Seattle values Brian Russell. It shouldn't. Seattle sees Russell as a great football mind that leads the Seahawks secondary. In reality, he's a weak link with minimal talent that does his best work on practice fields and in film rooms. A young player like Michael Hamlin could save Seattle from itself.
Seattle is rebuilding its defense from the playbook up. That sounds exciting, and is even specific enough to be exciting, but will not matter unless Seattle changes its talent evaluation. Consider this quote from Ziggy Hood.
[I]n my meeting with the Seattle Seahawks, I sat in with the General Manager, Head Coach and most of the coaching staff. They really drilled me and tried to find out if I had a high football IQ...They wanted to understand my football knowledge, as far as me knowing my assignments and my teammate's assignments in a specific defense. They wanted me to point out where I'd be if a certain play was called and try to pick up different schemes of the offense and defense. It was pretty intense.
Using an interview to find out more than if a prospect is a honey or barbecue sauce man is intelligent. Overvaluing interview skills is not. Overvaluing a player's ability to articulate their knowledge is not. If Hood knows his assignment and the assignments of his teammates, it should show on the field. And though it's valuable, knowledge does not replace raw ability.
When I read that quote I thought: Brian Russell. It was a Rosetta Stone moment, when something cryptic and baffling became clear. That's why Seattle values Brian Russell. The man Mike Holmgren wanted to be the "quarterback of the defense" knows how to talk shop. He'll make a very good secondary coach should he be so inclined. But like many teachers, it is that playing free safety in the NFL is so abstract to him, so far from his own natural abilities, it is that Russell cannot do and so has had to struggle and work and attain an encyclopedic knowledge of his position to make it in the NFL, that makes him sound like an exceptional free safety when he's easily one of the worst in the league. You don't go to Jimi Hendrix for guitar lessons, you don't ask Randy Johnson how to throw a slider and you don't ask Ed Reed how to play free safety, because as hard as they work, and as talented as they are, they couldn't tell you. They were born that way.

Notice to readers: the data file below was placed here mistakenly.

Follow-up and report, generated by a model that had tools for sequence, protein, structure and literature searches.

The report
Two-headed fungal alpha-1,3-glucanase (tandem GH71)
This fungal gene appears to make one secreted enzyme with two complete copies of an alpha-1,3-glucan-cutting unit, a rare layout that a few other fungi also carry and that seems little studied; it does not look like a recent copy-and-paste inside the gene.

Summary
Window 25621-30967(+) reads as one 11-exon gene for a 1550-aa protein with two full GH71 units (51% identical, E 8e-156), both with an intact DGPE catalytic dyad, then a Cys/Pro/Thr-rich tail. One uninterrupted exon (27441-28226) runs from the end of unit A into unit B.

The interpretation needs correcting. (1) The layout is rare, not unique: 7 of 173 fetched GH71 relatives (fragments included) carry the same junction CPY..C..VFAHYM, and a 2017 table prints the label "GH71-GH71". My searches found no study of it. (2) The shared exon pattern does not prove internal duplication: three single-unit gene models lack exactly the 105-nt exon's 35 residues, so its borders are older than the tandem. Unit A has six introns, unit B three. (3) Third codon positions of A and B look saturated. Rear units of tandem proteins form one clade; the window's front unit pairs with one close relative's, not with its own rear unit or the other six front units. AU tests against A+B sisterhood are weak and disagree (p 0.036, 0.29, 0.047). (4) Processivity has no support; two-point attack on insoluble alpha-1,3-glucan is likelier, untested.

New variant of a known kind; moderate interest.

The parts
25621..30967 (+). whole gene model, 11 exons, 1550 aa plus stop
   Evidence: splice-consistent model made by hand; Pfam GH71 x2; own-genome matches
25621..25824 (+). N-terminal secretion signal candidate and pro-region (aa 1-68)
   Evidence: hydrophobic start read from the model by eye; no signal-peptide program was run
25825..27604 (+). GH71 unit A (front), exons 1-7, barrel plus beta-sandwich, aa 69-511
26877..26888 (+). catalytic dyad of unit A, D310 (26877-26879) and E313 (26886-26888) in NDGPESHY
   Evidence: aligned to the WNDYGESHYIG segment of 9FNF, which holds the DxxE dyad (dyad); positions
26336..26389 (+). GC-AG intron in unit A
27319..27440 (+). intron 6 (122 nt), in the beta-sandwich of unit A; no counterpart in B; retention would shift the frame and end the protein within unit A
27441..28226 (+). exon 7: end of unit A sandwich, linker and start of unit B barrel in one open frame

Seattle doesn't need talent at free safety, it has it. Unfortunately, Deon Grant has been moved to strong safety to accommodate Russell. Seattle does need talent at safety. Jamar Adams could probably improve the team right now, but as an undrafted free agent, Adams lacks that all important mandate to play. Seattle's continued confidence in Russell means it won't sign a free agent. A free agent won't sign knowing Seattle has an established starter. What Seattle needs is a young kid that through sheer determination unseats Russell. Call it a youth movement, the destiny of coach Russell or simply mercy for this poor blogger, but what it should be called, replacing the weak link on a defense with aspirations of dominance, won't play. Seattle needs a recruit to win the position, as the team "looks to the future", and in a way that saves face for Russell.
Suddenly a very interesting name is in the mix: Malcolm Jenkins. Jenkins flunked out at the combine. That might be his last act as a cornerback prospect and his first as a free safety prospect. For an athlete with his prima facie athleticism, the forty should be way discounted, and I, personally, don't think the separation in value between safety and corner is great. Still, Seattle does not see safety as a dire need and drafting Jenkins, a pick that would be seen as a huge reach at four, does not seem likely.
Seattle will be thinking coverage first with whatever safety they take, so ignore big boppers with questionable cover skills like William Moore. Instead, the true favorite, both because of expected draft position and the Tim Ruskell Pick Draft Rubric (See below) is Michael Hamlin. Hamlin is projected to go in the early third. As for that résumé:
Name: Michael Hamlin
Position: CAT safety (strong safety)
DOB: November 21, 1985
Four Year Starter
Stats: 283 combined tackles, 14 interceptions, 17 pass break ups, four forced fumbles
Named "permanent defensive captain" his junior season.
Graduated in May of 2008
Academic Honor Roll
Clemson ranked 10th in pass efficiency defense, 12th pass defense, 13th in scoring defense, 18th in total defense but 108th in sacks. Despite finishing 7-6, Clemson finished 21st in FEI. Their defense was especially impressive, finishing 4th.
This kid is going to be a Seahawk. He better be.